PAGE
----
# sample all pairs without repeats

Assuming I have a very large number of $$K$$ colored balls and we know the fraction of each color. If we randomly sample all pairs so that all pairs have two balls of different colors then what is the fraction of pairs with a given color combinations?

For example if there are 3 colors with fractions, $$f_{blue}=0.5$$, $$f_{red}=0.25$$ and $$f_{green}=0.25$$ then if you sample all pairs of balls such that each pairs consists of two different colors. Then I would expect that $$50\%$$ of pairs will be $$(blue/red)$$, $$50\%$$ will be $$(blue/green)$$ and $$0\%$$ $$(red/green)$$ (if 50% is blue then there must be a blue in each pair). This scenario is easy since there is only one way to sample all unordered pairs.

If more than $$50\%$$ of balls have the same color there will be no solution and if $$50\%$$ of balls are a certain color there is only one way to sample all balls (unordered) as above.

If the fraction of 3 colors are then same $$f_{blue}=1/3$$, $$f_{red}=1/3$$ and $$f_{green}=1/3$$ then by symmetry I would expect the fraction of pairs to be $$1/3$$ $$(blue/red)$$, $$1/3$$ $$(blue/green)$$ and $$1/3$$ $$(red/green)$$ if they where randomly sampled.

Is there a general way to calculate the expected fraction of colored pairs given you know the fraction of each of the $$K$$ colors?

Edit/update Ertxiem gave the solution in the case of K=3 where you do not use the assumption of randomly drawing all pairs (pairs of different colors without replacement).

Here is what I have tried so far. Let $$f=(f_1,f_2,\ldots,f_K)$$ be the fraction of each colored ball assuming K colors.

For the case of K=3 then we can calculate the fraction of pairs of ball by solving the following $$Ax=f$$ where $$A= \left( \begin{array}{ccc} 0.5 & 0.5 & 0 \\ 0.5 & 0 & 0.5 \\ 0 & 0.5 &0.5 \end{array} \right)$$, $$f= \left( \begin{array}{c} f_1\\ f_2 \\ f_3 \end{array} \right)$$, $$x= \left( \begin{array}{c} \pi_{12}\\ \pi_{13} \\ \pi_{23} \end{array}\right)$$ where $$\pi_{ij}$$is the probability of a pair of color $$i$$ and $$j$$.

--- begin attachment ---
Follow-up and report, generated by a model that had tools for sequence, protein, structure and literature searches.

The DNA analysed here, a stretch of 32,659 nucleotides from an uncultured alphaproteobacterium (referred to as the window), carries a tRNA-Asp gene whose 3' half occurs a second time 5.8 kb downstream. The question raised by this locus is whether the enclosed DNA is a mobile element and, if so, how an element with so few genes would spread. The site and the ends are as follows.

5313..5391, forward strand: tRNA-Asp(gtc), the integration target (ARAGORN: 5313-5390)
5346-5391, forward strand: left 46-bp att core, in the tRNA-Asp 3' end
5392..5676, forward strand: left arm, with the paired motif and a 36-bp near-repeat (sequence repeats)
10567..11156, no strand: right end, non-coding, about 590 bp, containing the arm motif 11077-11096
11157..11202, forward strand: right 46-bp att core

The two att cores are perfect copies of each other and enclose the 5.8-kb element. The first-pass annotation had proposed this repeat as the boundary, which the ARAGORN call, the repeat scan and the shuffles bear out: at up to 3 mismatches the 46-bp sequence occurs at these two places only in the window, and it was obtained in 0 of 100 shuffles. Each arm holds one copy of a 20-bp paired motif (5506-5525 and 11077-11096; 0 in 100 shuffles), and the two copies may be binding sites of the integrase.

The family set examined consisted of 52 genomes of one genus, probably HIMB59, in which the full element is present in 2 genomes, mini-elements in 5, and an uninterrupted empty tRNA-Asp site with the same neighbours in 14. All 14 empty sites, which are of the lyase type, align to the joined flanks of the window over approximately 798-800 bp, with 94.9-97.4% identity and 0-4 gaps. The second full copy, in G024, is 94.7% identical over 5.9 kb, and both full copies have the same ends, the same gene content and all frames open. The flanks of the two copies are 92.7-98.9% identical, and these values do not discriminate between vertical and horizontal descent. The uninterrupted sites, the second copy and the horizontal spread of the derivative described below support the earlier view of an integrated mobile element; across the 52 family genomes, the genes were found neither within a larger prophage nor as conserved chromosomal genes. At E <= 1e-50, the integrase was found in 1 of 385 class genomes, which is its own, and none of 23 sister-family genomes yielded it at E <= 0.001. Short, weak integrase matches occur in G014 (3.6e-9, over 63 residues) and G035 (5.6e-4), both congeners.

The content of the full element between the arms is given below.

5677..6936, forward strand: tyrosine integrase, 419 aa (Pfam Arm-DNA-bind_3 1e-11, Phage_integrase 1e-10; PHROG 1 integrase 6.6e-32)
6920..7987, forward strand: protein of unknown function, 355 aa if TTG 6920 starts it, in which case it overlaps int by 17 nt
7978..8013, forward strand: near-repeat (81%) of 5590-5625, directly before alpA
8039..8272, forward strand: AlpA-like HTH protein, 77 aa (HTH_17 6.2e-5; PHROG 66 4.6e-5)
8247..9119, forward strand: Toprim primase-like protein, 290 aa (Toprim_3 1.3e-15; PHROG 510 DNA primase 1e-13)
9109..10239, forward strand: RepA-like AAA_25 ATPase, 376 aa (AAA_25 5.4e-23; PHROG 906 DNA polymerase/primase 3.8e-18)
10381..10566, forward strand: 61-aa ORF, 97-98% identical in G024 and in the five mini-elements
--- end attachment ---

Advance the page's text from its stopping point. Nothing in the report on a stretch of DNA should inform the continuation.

This gives the solution for $$K=3$$. For $$K>3$$ we cannot use the same approach because there will be multiple solutions for example for $$K=4$$. Solving $$Ax=f$$ where $$A= \left( \begin{array}{cccccc} 0.5 & 0.5 & 0.5 & 0 & 0 & 0 \\ 0.5 & 0 & 0 &0.5 &0.5 &0 \\ 0 & 0.5 &0 & 0.5 & 0 & 0.5 \\ 0 & 0 &0.5 & 0& 0.5& 0.5 \end{array} \right)$$, $$f= \left( \begin{array}{c} f_1\\ f_2 \\ f_3 \\ f_4 \end{array} \right)$$ and $$x= \left( \begin{array}{c} \pi_{12}\\ \pi_{13} \\ \pi_{14} \\ \pi_{23} \\ \pi_{24} \\ \pi_{34}\end{array}\right)$$ gives multiple multiple solutions. Is there a way to solve it by assuming the color combinations are independent given that they are different?

update with example and simulations For the $$K=4$$ case then I have tried to solve $$Ax=f$$ for $$x$$ using Moore-Penrose generalized inverse (pseudoinverse using least squared solution) however, this does not give the same results as simulations (rejection sampling using $$5e7$$ balls). For the case of $$f=(3/8,1/8,2/8,2/8)$$ I get the following results

$$\begin{array}{c|c|c} \hat{\pi} & pseudo inverse & simulations\\ \pi_{12} & 4/24 & 31/236\\ \pi_{13} & 7/24 & 73/236\\ \pi_{14} & 7/24 & 73/236\\ \pi_{23} & 1/24 & 14/236\\ \pi_{24} & 1/24 & 14/236\\ \pi_{34} & 4/24 & 31/236 \end{array}$$. So I am still not able to find a analytical solution (for K>3).

Suppose you have $$K$$ colours of balls with respective numbers $$n_1,...,n_K$$, with a total of $$n = \sum n_i$$ balls. Let $$\mathscr{S}$$ denote the set of all pairs of distinct balls and let $$\mathscr{C}$$ denote the set of all pairs of distinct balls of the same colour. Since $$\mathscr{C} \subset \mathscr{S}$$ the number of ways you can sample two balls of different colours is:

\begin{aligned} |\mathscr{S} - \mathscr{C}| = |\mathscr{S}| - |\mathscr{C}| &= {n \choose 2} - \sum_{k=1}^K {n_k \choose 2} \\[6pt] &= \frac{n(n-1)}{2} - \sum_{k=1}^K \frac{n_k (n_k-1)}{2} \\[6pt] &= \frac{1}{2} \Big[ n(n-1) - \sum_{k=1}^K n_k (n_k-1) \Big] \\[6pt] &= \frac{1}{2} \Big[ (n-1) \sum_{k=1}^K n_k - \sum_{k=1}^K n_k (n_k-1) \Big] \\[6pt] &= \frac{1}{2} \sum_{k=1}^K n (n-n_k). \\[6pt] \end{aligned}

Let $$\mathscr{M}_{a,b}$$ denote the set of all pairs of distinct balls with colours $$a \neq b$$. The number of ways you can sample two balls with a given (different) colour combination is:

$$|\mathscr{M}_{a,b}| = \frac{n_a n_b}{2}$$

Hence, the fraction of sample-pairs of different colours that are of the specified colour pair $$a \neq b$$ is:

$$P_n(a,b) = \frac{|\mathscr{M}_{a,b}|}{|\mathscr{S} - \mathscr{C}|} = \frac{n_a n_b}{\sum_{k=1}^K n_k (n-n_k)}.$$

Taking $$n \rightarrow \infty$$ and letting $$p_1,...,p_K$$ be the respective limiting sample proportions of the balls of each colour, you have: